Ulwalamano/Kinship by South African Visual Artist, Ranji Mangcu, is a personal project seeking to make sense of her simultaneous proximity to, and alienation to Xhosa culture as well as the common dilemmas faced by contemporary Black and Indigenous People of Colour. This project investigates her own identity crisis of being Xhosa yet being raised in Sandton Johannesburg and having to navigate through the many white spaces such as institutions and academic spaces situated within that region.
“My work is based on the idea of how our personal experiences interlink with our identity and our history and where this rubs up against your own personal history. For my artist statement for the Eclectica gallery, I mentioned the idea of the ‘hybrid’ identity, as a South African, I have a lot of experience having to navigate white spaces and have experienced this perpetual ‘code-switching’, where you form a brand new identity when you enter these spaces, then once you realise yourself as a person, you have to locate yourself in your ancestral history and then your own cultural identity” explained Ranji. Despite the end of apartheid just under 30 years ago, the ever-present legacy of systematic marginalization between Black and White South Africans is hard to ignore.
“I take photos of people that I know and people who know me, I am a big fan of portraiture. It is usually a calm chilled process, it is a collaboration between me and my subjects and every image that has been constructed highlights them, the choices that they made and how they want to be represented. I construct the images in the way that my subjects project themselves in front of the camera” expressed Ranji. The visual semantics clearly expressed in Ranji’s images, displays her skilfully incorporating both her and the experience of many other ‘hybrid’ South Africans who also find themselves navigating through a white space. The representation of the hands clasping onto each other's arms situated in front of a white sheet successfully illustrates such, but yet a hint of solidarity also comes through.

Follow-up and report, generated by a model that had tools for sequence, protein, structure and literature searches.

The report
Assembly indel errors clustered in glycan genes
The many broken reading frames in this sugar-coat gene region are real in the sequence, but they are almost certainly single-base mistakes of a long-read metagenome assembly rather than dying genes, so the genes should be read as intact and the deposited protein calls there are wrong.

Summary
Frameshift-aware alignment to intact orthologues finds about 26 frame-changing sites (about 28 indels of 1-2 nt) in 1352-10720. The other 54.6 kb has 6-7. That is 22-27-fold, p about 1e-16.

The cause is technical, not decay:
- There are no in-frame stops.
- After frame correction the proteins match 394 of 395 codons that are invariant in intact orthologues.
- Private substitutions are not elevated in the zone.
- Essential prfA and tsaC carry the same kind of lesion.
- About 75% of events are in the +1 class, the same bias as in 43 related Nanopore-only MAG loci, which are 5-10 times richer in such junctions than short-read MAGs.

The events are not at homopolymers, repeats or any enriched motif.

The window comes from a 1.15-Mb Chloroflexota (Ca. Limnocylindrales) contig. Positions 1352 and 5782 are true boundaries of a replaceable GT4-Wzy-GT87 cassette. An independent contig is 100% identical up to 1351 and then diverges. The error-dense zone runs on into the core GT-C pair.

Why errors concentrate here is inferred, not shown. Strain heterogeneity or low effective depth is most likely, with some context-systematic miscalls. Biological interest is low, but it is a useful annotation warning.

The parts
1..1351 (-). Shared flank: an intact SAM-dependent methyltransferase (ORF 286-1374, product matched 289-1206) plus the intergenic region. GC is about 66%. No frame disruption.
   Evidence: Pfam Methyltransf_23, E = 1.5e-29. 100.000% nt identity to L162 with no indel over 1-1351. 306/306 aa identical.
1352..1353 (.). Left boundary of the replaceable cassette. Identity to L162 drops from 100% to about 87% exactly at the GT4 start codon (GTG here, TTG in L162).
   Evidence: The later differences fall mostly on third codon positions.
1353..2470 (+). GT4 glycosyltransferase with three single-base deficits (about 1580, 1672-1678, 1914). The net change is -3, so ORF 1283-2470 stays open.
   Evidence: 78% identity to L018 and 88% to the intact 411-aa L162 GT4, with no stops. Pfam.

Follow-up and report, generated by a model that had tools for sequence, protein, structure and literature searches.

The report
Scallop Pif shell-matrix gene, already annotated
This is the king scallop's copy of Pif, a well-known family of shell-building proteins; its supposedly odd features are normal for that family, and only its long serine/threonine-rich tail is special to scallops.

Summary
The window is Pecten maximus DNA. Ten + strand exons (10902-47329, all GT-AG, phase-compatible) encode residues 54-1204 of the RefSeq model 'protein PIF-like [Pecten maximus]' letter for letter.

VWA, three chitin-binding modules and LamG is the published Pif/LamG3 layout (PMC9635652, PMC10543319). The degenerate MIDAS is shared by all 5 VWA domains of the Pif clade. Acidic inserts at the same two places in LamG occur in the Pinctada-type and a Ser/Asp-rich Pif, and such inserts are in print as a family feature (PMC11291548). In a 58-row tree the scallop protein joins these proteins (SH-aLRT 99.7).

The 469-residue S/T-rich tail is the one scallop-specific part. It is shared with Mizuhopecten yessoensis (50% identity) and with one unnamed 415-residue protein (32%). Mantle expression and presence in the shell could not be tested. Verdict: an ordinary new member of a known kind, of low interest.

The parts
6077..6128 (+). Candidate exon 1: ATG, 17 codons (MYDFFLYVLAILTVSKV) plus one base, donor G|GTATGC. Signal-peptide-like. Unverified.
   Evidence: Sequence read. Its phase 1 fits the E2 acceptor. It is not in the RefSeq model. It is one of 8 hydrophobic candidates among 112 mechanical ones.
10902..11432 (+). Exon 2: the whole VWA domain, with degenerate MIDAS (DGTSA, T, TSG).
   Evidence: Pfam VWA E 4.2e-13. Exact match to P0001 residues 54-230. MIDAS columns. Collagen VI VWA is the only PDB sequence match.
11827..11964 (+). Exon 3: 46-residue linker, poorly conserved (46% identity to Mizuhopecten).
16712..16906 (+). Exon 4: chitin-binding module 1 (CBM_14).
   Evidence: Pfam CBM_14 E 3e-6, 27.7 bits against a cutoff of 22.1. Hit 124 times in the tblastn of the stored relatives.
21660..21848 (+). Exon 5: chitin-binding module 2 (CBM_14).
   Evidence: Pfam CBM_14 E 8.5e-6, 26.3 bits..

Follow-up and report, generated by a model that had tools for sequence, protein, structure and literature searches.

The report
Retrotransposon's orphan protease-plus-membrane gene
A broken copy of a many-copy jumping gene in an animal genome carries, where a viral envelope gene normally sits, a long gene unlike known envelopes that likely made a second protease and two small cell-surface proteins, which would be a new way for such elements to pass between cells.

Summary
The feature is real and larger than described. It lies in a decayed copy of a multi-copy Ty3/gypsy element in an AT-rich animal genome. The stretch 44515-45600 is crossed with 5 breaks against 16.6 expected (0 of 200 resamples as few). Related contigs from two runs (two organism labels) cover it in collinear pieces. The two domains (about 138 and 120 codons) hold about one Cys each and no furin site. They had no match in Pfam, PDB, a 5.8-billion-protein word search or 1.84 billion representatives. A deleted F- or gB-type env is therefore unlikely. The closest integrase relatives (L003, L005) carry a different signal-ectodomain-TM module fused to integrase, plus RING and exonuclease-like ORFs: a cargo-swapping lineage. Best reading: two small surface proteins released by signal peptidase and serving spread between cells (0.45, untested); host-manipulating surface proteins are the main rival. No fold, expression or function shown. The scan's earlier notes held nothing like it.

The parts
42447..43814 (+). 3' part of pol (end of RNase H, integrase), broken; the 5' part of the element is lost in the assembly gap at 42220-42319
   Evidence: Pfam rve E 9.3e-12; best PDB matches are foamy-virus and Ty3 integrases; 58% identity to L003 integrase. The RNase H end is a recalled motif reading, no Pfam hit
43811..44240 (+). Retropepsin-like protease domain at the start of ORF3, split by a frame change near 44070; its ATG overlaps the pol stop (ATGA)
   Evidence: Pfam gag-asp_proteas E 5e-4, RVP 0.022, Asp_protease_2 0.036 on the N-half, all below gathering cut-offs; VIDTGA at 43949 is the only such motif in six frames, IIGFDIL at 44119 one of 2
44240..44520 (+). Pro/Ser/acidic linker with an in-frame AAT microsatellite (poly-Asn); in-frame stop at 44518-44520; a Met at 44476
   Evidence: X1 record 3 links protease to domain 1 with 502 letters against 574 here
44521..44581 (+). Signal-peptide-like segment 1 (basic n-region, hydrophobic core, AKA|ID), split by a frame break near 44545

“There is a lot of micro-aggression in these spaces, and as you grow up, you realise that certain spaces are not meant for you, this is one of the examples where colonialism is an ever-present thing within South Africa, despite becoming independent years ago” Stated Ranji.
Ranji Mangcu is a South African Visual Artist whose work focuses on identity and culture. To view more of her work, visit her Instagram